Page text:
7. Every Christian should examine their own heart and desires by asking themselves questions such as: Am I a greedy person?  Am I a selfish person?  Do I always want more?  Do I have a desire for the honor, prestige and power that often come from being rich?


Now that we have explored the Biblical view on riches, it is time to explore the Biblical view on poverty.  One of the tasks that Jesus saw as a primary part of his Holy Spirit-directed mission was “to preach good news to the poor” (Luke 4:18).  That is because the gospel is a message of hope to the poor.  And there are three things that we are going to look at that the Bible says about poverty.

  1. The “poor” are the needy, disadvantaged and often oppressed people in the world.  In Biblical terms, they represent those in great need who humbly turn to God for help.  The poor may not have status or influence in the world; but if they are faithful to God, they can look forward to the time when God will rescue them—and all of his people—from the sin, suffering, hunger and hatred that are in the world.  People who trust God and desire to be spiritually rich toward him do not base their wealth and life on earthly things.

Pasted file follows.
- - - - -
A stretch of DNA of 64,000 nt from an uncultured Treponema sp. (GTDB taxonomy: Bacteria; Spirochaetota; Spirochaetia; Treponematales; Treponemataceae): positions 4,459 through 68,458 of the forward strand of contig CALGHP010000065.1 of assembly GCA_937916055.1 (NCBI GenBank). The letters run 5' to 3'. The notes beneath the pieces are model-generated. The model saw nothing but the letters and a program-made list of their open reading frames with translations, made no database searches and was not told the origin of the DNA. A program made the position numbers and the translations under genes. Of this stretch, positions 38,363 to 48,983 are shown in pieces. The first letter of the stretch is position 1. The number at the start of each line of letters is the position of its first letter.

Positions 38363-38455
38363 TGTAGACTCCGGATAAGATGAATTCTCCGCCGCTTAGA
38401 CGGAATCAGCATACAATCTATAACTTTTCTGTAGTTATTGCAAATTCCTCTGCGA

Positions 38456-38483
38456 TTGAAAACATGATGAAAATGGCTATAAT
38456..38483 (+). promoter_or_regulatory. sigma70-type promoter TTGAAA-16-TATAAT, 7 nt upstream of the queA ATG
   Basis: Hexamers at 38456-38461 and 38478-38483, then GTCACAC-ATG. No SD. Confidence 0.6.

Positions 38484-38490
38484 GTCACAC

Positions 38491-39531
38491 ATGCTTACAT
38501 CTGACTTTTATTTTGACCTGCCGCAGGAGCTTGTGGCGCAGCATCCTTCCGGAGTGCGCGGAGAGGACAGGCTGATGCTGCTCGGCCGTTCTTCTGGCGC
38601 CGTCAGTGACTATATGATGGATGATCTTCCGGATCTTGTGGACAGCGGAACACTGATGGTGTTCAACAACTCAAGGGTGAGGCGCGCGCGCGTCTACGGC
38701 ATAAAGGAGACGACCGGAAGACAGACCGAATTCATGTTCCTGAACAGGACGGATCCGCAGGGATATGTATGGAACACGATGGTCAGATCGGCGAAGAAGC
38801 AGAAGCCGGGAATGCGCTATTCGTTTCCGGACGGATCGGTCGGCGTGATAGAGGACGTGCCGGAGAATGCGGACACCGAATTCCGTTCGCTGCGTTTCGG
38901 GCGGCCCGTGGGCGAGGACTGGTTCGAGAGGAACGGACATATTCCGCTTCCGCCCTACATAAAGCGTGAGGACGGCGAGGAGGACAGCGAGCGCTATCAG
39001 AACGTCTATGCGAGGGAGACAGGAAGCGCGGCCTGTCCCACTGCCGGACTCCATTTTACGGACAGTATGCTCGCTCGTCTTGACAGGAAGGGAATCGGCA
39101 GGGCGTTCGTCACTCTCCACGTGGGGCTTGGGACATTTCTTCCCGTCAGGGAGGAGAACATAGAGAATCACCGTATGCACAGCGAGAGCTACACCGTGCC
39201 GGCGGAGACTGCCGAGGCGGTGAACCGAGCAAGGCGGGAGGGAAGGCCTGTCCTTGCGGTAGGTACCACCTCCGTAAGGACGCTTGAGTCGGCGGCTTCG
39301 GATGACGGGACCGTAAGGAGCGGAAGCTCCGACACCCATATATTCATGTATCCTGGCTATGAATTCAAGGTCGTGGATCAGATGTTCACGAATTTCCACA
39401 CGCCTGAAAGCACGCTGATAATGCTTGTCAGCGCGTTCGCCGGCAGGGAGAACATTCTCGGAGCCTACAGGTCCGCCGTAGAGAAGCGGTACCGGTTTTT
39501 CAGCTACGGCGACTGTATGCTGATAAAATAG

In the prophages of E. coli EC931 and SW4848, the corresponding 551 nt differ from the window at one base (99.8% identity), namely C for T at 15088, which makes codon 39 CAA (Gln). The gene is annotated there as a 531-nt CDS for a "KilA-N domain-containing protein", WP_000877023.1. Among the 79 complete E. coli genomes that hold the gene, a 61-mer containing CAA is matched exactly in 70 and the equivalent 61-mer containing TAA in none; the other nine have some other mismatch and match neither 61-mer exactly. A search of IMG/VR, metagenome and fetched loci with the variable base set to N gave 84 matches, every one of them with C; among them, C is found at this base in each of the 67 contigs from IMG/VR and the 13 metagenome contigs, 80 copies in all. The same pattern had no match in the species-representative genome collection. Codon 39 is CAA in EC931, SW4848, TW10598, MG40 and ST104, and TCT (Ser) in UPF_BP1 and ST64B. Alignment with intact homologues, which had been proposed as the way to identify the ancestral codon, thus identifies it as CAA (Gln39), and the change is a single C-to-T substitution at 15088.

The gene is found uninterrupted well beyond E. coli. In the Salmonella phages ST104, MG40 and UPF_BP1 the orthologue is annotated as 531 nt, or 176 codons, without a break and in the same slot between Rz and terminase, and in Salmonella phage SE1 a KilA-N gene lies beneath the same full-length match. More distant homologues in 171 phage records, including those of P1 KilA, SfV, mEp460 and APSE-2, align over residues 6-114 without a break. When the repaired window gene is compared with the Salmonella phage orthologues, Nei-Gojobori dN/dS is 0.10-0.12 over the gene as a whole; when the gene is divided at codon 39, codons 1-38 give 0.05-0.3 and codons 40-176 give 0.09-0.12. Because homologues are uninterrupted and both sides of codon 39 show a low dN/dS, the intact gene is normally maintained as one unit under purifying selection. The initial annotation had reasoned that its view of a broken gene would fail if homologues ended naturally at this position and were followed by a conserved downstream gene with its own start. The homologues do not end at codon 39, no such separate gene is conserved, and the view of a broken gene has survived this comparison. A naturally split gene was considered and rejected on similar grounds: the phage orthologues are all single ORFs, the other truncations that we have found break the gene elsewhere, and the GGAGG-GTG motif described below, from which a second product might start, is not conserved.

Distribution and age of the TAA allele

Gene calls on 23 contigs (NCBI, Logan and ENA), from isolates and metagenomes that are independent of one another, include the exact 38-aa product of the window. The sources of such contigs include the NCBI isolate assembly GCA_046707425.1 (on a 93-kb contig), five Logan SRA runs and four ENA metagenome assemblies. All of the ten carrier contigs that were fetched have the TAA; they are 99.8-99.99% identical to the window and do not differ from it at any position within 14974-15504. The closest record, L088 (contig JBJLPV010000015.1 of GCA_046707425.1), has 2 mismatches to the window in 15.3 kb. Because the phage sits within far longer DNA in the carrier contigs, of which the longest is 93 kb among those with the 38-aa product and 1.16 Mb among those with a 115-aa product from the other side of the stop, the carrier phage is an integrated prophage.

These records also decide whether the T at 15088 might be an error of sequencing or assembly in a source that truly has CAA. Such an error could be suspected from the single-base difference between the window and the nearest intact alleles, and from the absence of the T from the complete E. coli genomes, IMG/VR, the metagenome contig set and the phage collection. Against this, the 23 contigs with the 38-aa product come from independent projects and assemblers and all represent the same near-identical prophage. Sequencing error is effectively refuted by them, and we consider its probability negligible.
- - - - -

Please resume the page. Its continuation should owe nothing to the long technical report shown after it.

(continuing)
2. Freedom from suffering, oppression, injustice and poverty will most certainly come to the poor who trust God and are faithful to him.  But for now, many will find relief—at least in part—through the kind and generous support given by those among God’s people who have been blessed with material possessions.
  3. God sees people who are in poverty by earthly standards and declares that they “are rich” if they have yielded their lives to him.  In no way should people who are poor be seen as spiritually or morally inferior.  In fact, in many ways they may have a more accurate perspective and more admirable attitude about possessions, life and spiritual matters.

Tomorrow’s Bible Readings:

Leviticus 25:47-27:13, Mark 10:32-52, Psalm 45:1-17 and Proverbs 10:22